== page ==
August 21

What was advertised in a colonial American newspaper 250 years ago this week?

Pennsylvania Chronicle (August 19, 1771).

“He hath to sell also, his Royal Balsam, which is made of American produce.”

Two advertisements for patent medicines appeared among the notices in the August 21, 1771, edition of the Pennsylvania Chronicle.  In an extensive advertisement that filled an entire column and overflowed into another, William Young promoted “Dr. HILL’S AMERICAN BALSAM.”  Further down that second column, George Weed hawked his own “Royal Balsam” as well as several other nostrums that he compounded to cure “the bloody flux,” coughs, and other maladies.  Weed’s advertisement was much shorter, but the apothecary indicated that he had the capacity to publish a notice just as lengthy as the one inserted by Young.  “He hath by him,” Weed proclaimed, “a considerable number of certificates of extraordinary cures by [his medicines], which he designs to publish in a short time.”  In other words, Weed claimed to have testimonials from actual patients to disseminate among the public.

While Weed supplied a variety of powders, syrups, and tinctures, Young devoted his entire advertisement to the American Balsam.  This remedy bore that name because a physician in London produced it from “American plants, sent to England by that ingenious gentleman Mr. William Young, of Pennsylvania, Botanist to their Majesties the King and Queen of Great-Britain.”  That botanist was the son of the advertiser, whom Hill “appointed the only capital vender of [his medicine] in all America” out of gratitude “to the young gentleman.”  Hill did allow that Young could appoint “whom he pleases under him” to sell the American Balsam.  The elder Young had an exclusive franchise, but appointed local agents in Philadelphia, Germantown, Lancaster, and Wilmington.

Weed divided his advertisement into two portions.  In the first half, he proclaimed that the American Balsam, an imported medicine, “is now so well known in Pennsylvania, Maryland, &c. &c. there is no need of any further recommendation” and then described its effective use among patients in great detail anyway.  The second half consisted of a letter from Hill in which the doctor described the afflictions the medicine cured, outlined the history of its creation and refinement, and endorsed Young as his American purveyor.  Weed did not resort to such a preponderance of prose for his Royal Balsam, produced locally, or invest nearly as much in placing his much shorter advertisement, though the “certificates of extraordinary cures” that he suggested he would soon publish likely rivaled Young’s advertisement in length.  Although  they chose different marketing strategies, Weed and Young both apparently considered their methods worth the expense of placing notices in the Pennsylvania Chronicle.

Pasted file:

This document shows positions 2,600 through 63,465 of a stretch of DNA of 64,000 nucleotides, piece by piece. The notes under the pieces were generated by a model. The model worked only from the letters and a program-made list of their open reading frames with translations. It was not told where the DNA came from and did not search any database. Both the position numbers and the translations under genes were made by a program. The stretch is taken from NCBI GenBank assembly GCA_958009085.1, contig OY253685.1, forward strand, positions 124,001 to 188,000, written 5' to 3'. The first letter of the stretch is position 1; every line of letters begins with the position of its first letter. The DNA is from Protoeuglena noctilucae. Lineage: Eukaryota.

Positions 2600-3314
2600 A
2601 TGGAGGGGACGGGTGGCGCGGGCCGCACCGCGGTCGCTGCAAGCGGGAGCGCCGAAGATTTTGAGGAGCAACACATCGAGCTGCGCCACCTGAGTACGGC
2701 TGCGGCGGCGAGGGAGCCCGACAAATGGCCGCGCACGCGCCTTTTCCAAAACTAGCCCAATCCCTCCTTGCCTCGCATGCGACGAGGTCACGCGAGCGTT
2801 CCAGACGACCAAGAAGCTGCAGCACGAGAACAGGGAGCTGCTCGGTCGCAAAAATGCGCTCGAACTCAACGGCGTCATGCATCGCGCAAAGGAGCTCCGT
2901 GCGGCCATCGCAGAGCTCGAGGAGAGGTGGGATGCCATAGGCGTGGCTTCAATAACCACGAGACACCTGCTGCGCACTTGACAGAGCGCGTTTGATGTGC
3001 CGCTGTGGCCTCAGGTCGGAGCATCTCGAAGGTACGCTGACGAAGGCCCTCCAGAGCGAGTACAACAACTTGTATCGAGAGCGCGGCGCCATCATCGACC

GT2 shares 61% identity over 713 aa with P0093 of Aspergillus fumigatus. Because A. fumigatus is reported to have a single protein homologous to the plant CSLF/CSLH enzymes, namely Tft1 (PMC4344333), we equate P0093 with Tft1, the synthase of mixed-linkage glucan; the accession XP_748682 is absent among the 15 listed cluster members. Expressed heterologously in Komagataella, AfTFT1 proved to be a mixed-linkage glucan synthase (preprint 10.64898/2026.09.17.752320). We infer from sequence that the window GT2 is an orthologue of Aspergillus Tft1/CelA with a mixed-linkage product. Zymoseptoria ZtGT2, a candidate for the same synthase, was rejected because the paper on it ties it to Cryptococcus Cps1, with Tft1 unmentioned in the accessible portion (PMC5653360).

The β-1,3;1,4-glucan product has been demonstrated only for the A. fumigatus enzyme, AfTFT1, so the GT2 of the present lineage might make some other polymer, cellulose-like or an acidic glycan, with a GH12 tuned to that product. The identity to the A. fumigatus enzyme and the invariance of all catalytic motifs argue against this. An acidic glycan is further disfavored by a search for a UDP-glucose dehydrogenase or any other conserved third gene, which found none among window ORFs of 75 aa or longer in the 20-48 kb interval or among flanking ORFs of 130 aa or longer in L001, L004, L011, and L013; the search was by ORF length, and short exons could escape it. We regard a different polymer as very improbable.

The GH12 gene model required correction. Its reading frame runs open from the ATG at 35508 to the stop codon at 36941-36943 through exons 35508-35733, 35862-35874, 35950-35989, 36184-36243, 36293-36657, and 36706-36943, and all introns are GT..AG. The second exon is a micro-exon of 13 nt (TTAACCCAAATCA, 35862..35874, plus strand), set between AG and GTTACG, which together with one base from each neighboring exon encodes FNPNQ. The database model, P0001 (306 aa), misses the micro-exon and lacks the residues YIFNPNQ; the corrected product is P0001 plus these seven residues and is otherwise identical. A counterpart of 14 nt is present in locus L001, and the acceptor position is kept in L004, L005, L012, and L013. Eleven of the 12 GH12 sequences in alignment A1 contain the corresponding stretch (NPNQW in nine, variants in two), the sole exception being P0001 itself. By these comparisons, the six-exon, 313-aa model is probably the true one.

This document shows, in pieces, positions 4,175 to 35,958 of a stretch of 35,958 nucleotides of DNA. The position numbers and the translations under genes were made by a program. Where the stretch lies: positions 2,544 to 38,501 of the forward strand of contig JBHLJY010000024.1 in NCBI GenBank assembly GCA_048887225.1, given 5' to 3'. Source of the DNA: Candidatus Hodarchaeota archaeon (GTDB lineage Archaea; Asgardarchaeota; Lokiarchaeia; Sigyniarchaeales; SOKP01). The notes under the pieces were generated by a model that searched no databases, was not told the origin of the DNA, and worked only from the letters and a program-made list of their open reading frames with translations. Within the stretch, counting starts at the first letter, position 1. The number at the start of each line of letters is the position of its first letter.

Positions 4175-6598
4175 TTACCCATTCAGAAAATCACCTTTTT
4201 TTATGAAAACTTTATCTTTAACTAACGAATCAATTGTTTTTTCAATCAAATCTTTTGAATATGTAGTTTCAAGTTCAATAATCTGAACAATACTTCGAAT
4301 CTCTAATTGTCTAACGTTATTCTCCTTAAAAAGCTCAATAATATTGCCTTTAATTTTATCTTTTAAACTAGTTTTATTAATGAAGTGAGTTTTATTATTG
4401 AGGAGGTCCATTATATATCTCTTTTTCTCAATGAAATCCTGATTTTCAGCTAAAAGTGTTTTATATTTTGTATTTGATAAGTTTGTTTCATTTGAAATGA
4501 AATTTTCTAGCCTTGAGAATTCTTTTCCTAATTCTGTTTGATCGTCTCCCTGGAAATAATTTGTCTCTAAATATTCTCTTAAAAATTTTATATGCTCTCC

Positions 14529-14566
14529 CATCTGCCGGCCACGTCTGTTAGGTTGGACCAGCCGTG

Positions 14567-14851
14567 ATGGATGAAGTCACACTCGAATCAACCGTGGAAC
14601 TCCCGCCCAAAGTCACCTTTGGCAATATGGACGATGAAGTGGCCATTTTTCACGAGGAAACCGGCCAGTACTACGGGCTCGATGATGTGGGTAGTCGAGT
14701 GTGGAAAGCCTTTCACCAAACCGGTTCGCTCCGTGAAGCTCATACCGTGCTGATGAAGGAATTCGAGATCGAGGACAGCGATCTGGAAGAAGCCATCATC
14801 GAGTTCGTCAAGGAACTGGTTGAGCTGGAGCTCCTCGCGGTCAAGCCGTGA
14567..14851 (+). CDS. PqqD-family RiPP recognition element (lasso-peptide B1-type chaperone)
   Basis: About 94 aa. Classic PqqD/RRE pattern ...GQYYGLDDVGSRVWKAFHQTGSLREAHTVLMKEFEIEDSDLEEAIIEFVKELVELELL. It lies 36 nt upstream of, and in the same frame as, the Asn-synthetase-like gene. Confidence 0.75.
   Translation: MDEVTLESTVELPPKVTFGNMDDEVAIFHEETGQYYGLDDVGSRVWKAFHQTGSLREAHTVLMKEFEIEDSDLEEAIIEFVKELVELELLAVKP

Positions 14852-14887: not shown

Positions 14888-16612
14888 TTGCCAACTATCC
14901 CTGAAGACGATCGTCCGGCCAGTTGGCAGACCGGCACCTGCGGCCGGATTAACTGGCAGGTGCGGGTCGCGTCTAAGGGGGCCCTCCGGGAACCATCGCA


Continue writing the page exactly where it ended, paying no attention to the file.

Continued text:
January 23

What was advertised in a colonial American newspaper 250 years ago today?

South-Carolina and American General Gazette (January 23, 1767).

A List of Dr. HILL’s Medicines sold by Messrs. Carne and Wilson.”

Patent medicines became a staple of American advertising about as soon as the first weekly newspapers were published in the early eighteenth century, so much so that historians of advertising have focused attention disproportionately on these quack remedies. Why not? The advertisements hawked potions with odd names, emphasized strange ingredients, and made wild claims today considered obviously false, making later generations marvel that anyone could have possibly been influenced by that sort of marketing.

Yet patent medicines were indeed popular in eighteenth-century England and America, perhaps the first class of commodities to develop distinct and recognizable brand names. For instance, John Hill’s “PECTORAL BALSAM OF HONEY,” the first of half a dozen medicines listed in today’s advertisement, appeared in advertisements printed in newspapers throughout the colonies. Both apothecaries and shopkeepers announced that they imported and sold elixirs produced by Hill and other English “doctors,” assuming prospective customers recognized names and products like Anderson’s Pills, Batemans’s Drops, Stoughton’s Bitters, and Turlington’s Balsam. Unlike most purveyors of patent medicines, Hill, a botanist and author, did hold a medical degree.

Given the ease of counterfeiting patent medicines in a marketplace without formal regulation of medical supplies, Hill and others made various efforts to protect both their reputations and their share of the market. For instance, Hill designated specific agents authorized to sell his patent medicines. His advertisement first identified the men who operated on his behalf before listing and describing the remedies they sold to colonists: “I HAVE appointed Messrs. CARNE and WILSON my agents, for the sale of my medicines in CAROLINA; and all persons may be supplied wholesale and retail by them.” Others in Charleston and beyond sold patent medicines, including Hill’s various nostrums, but Carne and Wilson sought to benefit from having a seal of approval from Dr. Hill himself as they sold “ESSENCE OF WATER DOCK,” “TINCTURE OF VALERIAN,” and other medicines compounded by the famous doctor.